Amazon plans to triple the number of electric delivery trucks it uses in Europe and significantly increase the number of electric long-haul trucks in its fleet.
Amazon announced that will spend more than €1 billion over the next five years to reduce emissions from its fleet of delivery vehicles in Europe.
It aims to increase the number of electric delivery vehicles from the current 3,000 to 10,000, and will add 1,500 long-haul electric trucks.
In addition, will add more electric cargo bikes for last mile distribution in congested cities and encourage more public charging infrastructure to support the transition to electric cars. The company says it plans to achieve net zero status by 2040, 10 years ahead of the goal set by the Paris climate accords.
Our transportation network is one of the most challenging areas of our business to decarbonize, and achieving zero carbon will require substantial and sustained investment. The deployment of thousands of electric vans, long-distance trucks and bicycles will help us move even further away from traditional fossil fuels, and we hope to further encourage the transport and automotive industries in Europe and around the world to continue to evolve and innovate, because we will need to work together to achieve our climate goals.
Andy Jassy, CEO of Amazon.
Amazon launched micro mobility hubs, smaller, more central delivery stations, in more than 20 cities across Europe, including London, Munich and Paris, and plans to double that number by the end of 2025. In traditionally dense European cities, hubs enable Amazon to use new delivery methods, like electric cargo bikes and foot deliveries, to get packages to customers in a more sustainable way. Micromobility hubs are taking traditional delivery vans off the road, easing traffic congestion in urban centers and improving air quality.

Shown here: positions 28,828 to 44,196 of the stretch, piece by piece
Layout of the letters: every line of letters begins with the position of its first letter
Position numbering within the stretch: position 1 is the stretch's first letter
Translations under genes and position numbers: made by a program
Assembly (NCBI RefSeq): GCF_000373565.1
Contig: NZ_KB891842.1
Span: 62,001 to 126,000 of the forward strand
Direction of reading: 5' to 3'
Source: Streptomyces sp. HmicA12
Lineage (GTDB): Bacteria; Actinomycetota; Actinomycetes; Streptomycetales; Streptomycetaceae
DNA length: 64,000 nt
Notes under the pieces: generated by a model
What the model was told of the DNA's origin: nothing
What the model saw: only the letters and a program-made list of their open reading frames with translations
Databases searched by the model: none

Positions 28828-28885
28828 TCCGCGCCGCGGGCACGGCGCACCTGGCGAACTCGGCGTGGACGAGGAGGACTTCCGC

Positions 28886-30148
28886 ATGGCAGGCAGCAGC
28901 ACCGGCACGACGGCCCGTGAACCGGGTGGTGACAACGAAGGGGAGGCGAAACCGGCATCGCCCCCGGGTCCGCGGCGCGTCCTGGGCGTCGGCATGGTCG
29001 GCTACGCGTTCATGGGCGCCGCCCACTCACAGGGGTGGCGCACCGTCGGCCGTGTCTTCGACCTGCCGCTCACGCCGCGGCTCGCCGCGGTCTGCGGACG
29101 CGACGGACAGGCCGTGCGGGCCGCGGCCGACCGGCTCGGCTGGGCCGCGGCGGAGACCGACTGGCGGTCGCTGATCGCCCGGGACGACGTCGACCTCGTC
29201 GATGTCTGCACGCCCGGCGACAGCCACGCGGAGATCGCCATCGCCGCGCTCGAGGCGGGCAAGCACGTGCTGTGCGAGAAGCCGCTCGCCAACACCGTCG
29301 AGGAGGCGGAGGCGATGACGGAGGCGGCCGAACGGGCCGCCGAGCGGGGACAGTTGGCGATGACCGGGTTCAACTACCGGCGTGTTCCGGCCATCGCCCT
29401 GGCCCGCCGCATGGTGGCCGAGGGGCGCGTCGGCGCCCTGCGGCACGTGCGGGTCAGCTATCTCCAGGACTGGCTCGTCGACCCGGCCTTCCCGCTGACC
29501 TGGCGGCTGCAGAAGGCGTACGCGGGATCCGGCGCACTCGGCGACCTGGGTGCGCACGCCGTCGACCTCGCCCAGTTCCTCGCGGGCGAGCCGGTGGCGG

In addition to these new vans and micromobility centers and vehicles, Amazon will also invest in thousands of chargers at its European facilities. The investment will allow the company and its partners to improve the fleet’s charging equipment.
Long-distance transport is particularly difficult to decarbonise, given the size and weight of the trucks and the long distances they have to travel. Heavy-duty electric vehicles are a promising technology, but their current availability is limited and the charging infrastructure they need is lacking. Today, Amazon has 5 electric semi-trailers in the UK and will have 20 in Germany by the end of this year.
Amazon is using its size and scale to encourage the production of more electric heavy trucksso that it and other companies can move away from diesel-powered trucks more quickly. To power these electric trucks, Amazon will build hundreds of specialized fast chargers at its European facilities, allowing the company to charge the vehicles in about two hours.
Amazon is on track to power all of its operations with 100% renewable energy by 2025. This includes operations such as data centers, logistics facilities, physical stores and corporate offices, including onsite charging points.
Currently, Amazon has over 100 renewable energy projects underway or underway across Europe.
Going through www.aboutamazon.eu